The First Chinese American: The Remarkable Life of Wong Chin Foo

Chinese in America endured abuse and discrimination in the late nineteenth century, but they had a leader and a fighter in Wong Chin Foo (1847-1898), whose story is a forgotten chapter in the struggle for equal rights in America. The first to use the term "Chinese American," Wong defended his compatriots against malicious scapegoating and urged them to become Americanized to win their rights. A trailblazer and a born showman who proclaimed himself China’s first Confucian missionary to the United States, he founded America’s first association of Chinese voters and testified before Congress to get laws that denied them citizenship repealed. Wong challenged Americans to live up to the principles they freely espoused but failed to apply to the Chinese in their midst. This evocative biography is the first book-length account of the life and times of one of America’s most famous Chinese—and one of its earliest campaigners for racial equality.

Anna May Wong: From Laundryman's Daughter to Hollywood Legend

Anna May Wong was perhaps the best known Chinese American actresses during Hollywood’s golden age, a free spirit and embodiment of the flapper era much like Louise Brooks. She starred in over fifty movies between 1919 and 1960, sharing the screen with such luminaries as Douglas Fairbanks Sr. and Marlene Dietrich. Born in Los Angeles in 1905, Wong was the second daughter of six children born to a laundryman and his wife. Obsessed with film at a young age, she managed to secure a small part in a 1919 drama about the Boxer Rebellion. Her most famous film roles were in The Thief of Baghdad, Old San Francisco, and Shanghai Express opposite Dietrich. Despite these successes, instances of overt racism plagued Wong’s career. When it came time to make a film version of Pearl Buck’s The Good Earth, she was passed over for the Austrian-born actress, Luise Rainer. In a narrative that recalls both the gritty life in Los Angeles’s working-class Chinese neighborhoods and the glamour of Hollywood at its peak, Graham Hodges recounts the life of this elegant, beautiful, and underappreciated screen legend.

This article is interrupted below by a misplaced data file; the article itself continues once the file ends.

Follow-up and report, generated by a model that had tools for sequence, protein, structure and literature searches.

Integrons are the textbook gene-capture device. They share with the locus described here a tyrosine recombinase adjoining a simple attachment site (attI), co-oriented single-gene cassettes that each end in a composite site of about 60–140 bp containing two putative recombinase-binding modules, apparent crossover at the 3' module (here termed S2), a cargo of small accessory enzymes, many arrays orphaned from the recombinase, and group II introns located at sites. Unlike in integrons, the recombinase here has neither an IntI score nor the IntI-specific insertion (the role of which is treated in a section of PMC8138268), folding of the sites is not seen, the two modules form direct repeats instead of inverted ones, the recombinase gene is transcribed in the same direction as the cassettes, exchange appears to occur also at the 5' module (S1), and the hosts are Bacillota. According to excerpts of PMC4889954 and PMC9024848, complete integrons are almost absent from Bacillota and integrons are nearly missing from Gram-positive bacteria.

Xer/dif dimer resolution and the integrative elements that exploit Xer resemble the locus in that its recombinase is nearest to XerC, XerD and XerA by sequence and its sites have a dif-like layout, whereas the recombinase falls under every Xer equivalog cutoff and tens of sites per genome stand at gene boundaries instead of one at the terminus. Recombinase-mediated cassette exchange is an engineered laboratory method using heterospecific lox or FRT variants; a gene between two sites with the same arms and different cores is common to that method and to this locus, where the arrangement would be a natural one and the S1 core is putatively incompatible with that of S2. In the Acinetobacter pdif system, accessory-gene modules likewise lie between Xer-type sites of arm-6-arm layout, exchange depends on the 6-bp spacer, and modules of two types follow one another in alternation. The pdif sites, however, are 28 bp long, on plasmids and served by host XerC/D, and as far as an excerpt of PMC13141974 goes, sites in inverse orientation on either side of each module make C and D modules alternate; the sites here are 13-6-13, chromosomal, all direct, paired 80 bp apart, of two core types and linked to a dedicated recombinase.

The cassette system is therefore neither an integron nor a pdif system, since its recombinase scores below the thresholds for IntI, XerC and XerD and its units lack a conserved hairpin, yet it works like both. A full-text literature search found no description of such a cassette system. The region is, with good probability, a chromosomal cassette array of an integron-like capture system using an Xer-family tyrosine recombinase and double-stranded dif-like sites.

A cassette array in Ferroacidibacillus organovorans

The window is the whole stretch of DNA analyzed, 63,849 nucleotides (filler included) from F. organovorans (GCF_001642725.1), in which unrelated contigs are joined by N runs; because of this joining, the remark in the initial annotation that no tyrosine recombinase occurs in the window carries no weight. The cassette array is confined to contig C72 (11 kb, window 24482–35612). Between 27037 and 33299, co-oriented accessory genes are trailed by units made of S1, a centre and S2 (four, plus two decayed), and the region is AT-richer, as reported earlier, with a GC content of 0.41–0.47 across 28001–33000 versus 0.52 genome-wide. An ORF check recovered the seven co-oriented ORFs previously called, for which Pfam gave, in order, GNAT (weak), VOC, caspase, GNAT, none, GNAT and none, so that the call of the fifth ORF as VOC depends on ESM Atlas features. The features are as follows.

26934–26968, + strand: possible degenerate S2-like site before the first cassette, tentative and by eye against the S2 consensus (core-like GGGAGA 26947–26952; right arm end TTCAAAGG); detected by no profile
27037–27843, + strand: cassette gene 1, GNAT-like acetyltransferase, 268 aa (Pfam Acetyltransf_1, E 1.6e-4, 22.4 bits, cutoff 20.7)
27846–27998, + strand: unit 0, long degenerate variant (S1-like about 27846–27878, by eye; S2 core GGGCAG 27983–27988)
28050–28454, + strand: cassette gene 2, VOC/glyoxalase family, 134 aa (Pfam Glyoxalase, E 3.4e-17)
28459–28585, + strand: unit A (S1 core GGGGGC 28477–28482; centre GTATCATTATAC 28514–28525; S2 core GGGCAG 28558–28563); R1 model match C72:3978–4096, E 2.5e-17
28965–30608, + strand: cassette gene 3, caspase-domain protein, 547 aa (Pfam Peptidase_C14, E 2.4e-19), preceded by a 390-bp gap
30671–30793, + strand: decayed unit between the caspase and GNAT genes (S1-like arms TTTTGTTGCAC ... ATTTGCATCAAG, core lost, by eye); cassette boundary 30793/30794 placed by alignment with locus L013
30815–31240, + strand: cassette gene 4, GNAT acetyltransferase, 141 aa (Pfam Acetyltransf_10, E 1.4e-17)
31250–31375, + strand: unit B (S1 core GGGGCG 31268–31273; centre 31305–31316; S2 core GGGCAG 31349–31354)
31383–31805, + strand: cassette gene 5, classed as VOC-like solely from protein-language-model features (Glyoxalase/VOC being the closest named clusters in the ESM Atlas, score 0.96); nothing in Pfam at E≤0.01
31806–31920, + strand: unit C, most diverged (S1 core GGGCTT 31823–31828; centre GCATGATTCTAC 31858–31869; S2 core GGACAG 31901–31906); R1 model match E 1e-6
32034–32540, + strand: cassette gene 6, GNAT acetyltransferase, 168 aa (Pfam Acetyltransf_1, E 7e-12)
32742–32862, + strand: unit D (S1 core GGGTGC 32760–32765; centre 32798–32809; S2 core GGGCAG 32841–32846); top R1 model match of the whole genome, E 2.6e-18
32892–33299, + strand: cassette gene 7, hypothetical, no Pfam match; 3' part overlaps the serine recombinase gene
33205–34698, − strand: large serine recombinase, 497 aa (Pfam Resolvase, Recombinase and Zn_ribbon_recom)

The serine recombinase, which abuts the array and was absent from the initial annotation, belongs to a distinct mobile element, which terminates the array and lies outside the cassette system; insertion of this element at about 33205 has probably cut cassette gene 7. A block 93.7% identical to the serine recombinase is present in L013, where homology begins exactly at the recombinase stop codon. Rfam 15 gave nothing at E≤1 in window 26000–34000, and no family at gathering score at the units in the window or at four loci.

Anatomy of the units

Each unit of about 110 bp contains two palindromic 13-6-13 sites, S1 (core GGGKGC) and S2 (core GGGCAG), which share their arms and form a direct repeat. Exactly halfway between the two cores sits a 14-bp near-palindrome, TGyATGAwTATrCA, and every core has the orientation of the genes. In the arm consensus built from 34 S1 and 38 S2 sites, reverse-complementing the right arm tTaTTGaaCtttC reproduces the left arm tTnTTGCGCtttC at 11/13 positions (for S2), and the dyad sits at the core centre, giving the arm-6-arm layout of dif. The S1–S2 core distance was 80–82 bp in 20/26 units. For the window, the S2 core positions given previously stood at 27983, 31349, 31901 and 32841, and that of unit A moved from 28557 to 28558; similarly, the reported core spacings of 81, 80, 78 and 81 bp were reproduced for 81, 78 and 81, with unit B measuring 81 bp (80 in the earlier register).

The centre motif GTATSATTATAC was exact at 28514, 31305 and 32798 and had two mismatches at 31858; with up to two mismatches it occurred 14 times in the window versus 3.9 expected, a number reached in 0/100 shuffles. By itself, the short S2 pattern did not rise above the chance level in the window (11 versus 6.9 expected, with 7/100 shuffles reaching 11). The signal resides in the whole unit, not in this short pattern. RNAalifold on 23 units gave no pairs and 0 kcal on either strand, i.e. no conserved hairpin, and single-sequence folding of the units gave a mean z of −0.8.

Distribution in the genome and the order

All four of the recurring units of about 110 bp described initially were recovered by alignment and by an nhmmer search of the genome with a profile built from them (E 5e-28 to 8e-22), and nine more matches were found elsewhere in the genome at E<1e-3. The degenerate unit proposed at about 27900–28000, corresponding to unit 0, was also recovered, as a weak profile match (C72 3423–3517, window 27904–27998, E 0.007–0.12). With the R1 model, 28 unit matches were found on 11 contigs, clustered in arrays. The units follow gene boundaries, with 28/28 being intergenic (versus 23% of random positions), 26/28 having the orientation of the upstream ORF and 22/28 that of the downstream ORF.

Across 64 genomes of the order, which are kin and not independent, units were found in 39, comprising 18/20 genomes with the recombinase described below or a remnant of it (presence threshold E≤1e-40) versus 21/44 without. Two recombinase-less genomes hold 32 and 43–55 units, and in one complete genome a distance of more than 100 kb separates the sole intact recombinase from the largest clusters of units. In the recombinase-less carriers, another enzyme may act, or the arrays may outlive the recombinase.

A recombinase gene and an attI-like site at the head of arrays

A Daughter Remembers

In this book, the author recounts her parents’ tumultuous long-distance relationship and explores its effects on her and her sister. Spanning a century of the family’s history (1860-1960), Li tells of her American Chinese father, Dr Li Kuo Ching, a successful entrepreneur and brilliant engineer who discovered tungsten, a strategic metal at the time. Her mother, Luo Bu Ge, was a simple but smart and inquisitive woman; but being born at the end of the Qing Dynasty, she had to conform to the traditions of the times. As a daughter who always felt abandoned by her father and who has been unable to confront her innermost conflicts, Li finally finds the courage to confront her fears.

Koreans in North America: Their Experiences in the Twenty-First Century

This is the only anthology that covers several different topics related to Koreans’ experiences in the U.S. and Canada. The topics covered are Koreans’ immigration and settlement patterns, changes in Korean immigrants’ business patterns, Korean immigrant churches’ social functions, differences between Korean immigrant intact families and geese families, transnational ties, second-generation Koreans’ identity issues, and Korean international students’ gender issues. This book focuses on Korean Americans’ twenty-first century experiences. It provides basic statistics about Koreans’ immigration, settlement and business patterns, while it also provides meaningful qualitative data on gender issues and ethnic identity. The annotated bibliography on Korean Americans in Chapter 10 will serve as important guides for beginning researchers studying Korean Americans.

The Columbia Guide to Asian American History